Existing-home sales retreated in August, breaking two straight months of increases, according to the National Association of Realtors (NAR). Each of the four major U.S. regions experienced declines on both a month-over-month and a year-over-year perspective.
Total existing-home sales, completed transactions that include single-family homes, townhomes, condominiums and co-ops, fell 2.0 percent from July to a seasonally adjusted annual rate of 5.88 million in August. Year-over-year, sales dropped 1.5 percent from a year ago (5.97 million in August 2020).
“Sales slipped a bit in August as prices rose nationwide,” said Lawrence Yun, NAR’s chief economist. “Although there was a decline in home purchases, potential buyers are out and about searching, but much more measured about their financial limits, and simply waiting for more inventory.”
Total housing inventory at the end of August totaled 1.29 million units, down 1.5 percent from July’s supply and down 13.4 percent from one year ago (1.49 million). Unsold inventory sits at a 2.6-month supply at the current sales pace, unchanged from July but down from 3.0 months in August 2020.
The median existing-home price for all housing types in August was $356,700, up 14.9 percent from August 2020 ($310,400), as prices increased in each region. This marks 114 straight months of year-over-year gains.
“High home prices make for an unbalanced market, but prices would normalize with more supply,” Yun said.
New research from NAR – the Homebuilders’ Local Opportunity Index – identifies Spartanburg, South Carolina; North Port, Florida; Knoxville, Tennessee; Wilmington, North Carolina; and San Antonio, Texas as the top markets with favorable opportunities for builders. After comparing various indicators, NAR found that homebuilders can build more homes with less risks for their businesses in these areas.
Properties typically remained on the market for 17 days in August, unchanged from July and down from 22 days in August 2020. Eighty-seven percent of homes sold in August 2021 were on the market for less than a month.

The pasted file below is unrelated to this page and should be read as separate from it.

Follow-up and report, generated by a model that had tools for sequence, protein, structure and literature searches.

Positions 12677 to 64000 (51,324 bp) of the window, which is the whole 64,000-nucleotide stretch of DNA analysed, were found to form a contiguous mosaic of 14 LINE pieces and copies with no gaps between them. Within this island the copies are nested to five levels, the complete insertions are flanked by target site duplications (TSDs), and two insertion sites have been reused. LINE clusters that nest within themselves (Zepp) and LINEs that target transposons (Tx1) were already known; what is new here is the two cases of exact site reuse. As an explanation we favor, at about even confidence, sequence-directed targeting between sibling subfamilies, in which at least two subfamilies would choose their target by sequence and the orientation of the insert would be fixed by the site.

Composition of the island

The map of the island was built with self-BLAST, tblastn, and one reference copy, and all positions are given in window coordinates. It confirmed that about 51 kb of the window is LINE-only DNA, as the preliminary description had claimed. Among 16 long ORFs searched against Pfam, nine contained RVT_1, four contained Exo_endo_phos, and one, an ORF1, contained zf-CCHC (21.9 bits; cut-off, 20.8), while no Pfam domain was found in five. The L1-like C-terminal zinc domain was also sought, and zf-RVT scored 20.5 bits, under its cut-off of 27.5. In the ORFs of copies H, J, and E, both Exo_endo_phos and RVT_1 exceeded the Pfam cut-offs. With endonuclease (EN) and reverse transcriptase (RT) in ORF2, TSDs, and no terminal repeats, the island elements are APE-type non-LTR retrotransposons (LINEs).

First-time buyers accounted for 29 percent of sales in August, down from 30 percent in July and 33 percent in August 2020.
“Securing a home is still a major challenge for many prospective buyers,” said Yun. “A number of potential buyers have merely paused their search, but their desire and need for a home remain.”
Moreover, a recent study from NAR found that student loan debt is preventing the majority of non-owner millennials and those making over $100,000 from buying a home.
Individual investors or second-home buyers, who account for many cash sales, purchased 15 percent of homes in August, even with July but up from 14 percent in August 2020. All-cash sales accounted for 22 percent of transactions in August, down from 23 percent in July and up from 18 percent in August 2020.
Single-family and Condo/Co-op Sales
Single-family home sales decreased to a seasonally adjusted annual rate of 5.19 million in August, down 1.9 percent from 5.29 million in July and down 2.8 percent from one year ago. The median existing single-family home price was $363,800 in August, up 15.6 percent from August 2020.
Existing condominium and co-op sales were recorded at a seasonally adjusted annual rate of 690,000 units in August, down 2.8 percent from 710,000 in July but up 9.5 percent from one year ago. The median existing condo price was $302,800 in August, an annual increase of 10.8 percent.
Existing-home sales in the Northeast slid 1.4 percent in August, recording an annual rate of 730,000, a 2.7 decline from August 2020. The median price in the Northeast was $407,800, up 16.8 percent from one year ago.
Existing-home sales in the Midwest fell 1.4 percent to an annual rate of 1,370,000 in August, a 2.1 percent decline from a year ago. The median price in the Midwest was $272,200, a 10.5 percent jump from August 2020.
Existing-home sales in the South slipped 3.0 percent in August, registering an annual rate of 2,550,000, down 0.8 percent from the same time one year ago. The median price in the South was $303,200, a 12.8 percent climb from one year ago.
Existing-home sales in the West decreased 0.8 percent, posting an annual rate of 1,230,000 in August, down 1.6 percent from one year ago. The median price in the West was $507,900, up 11.4 percent from August 2020.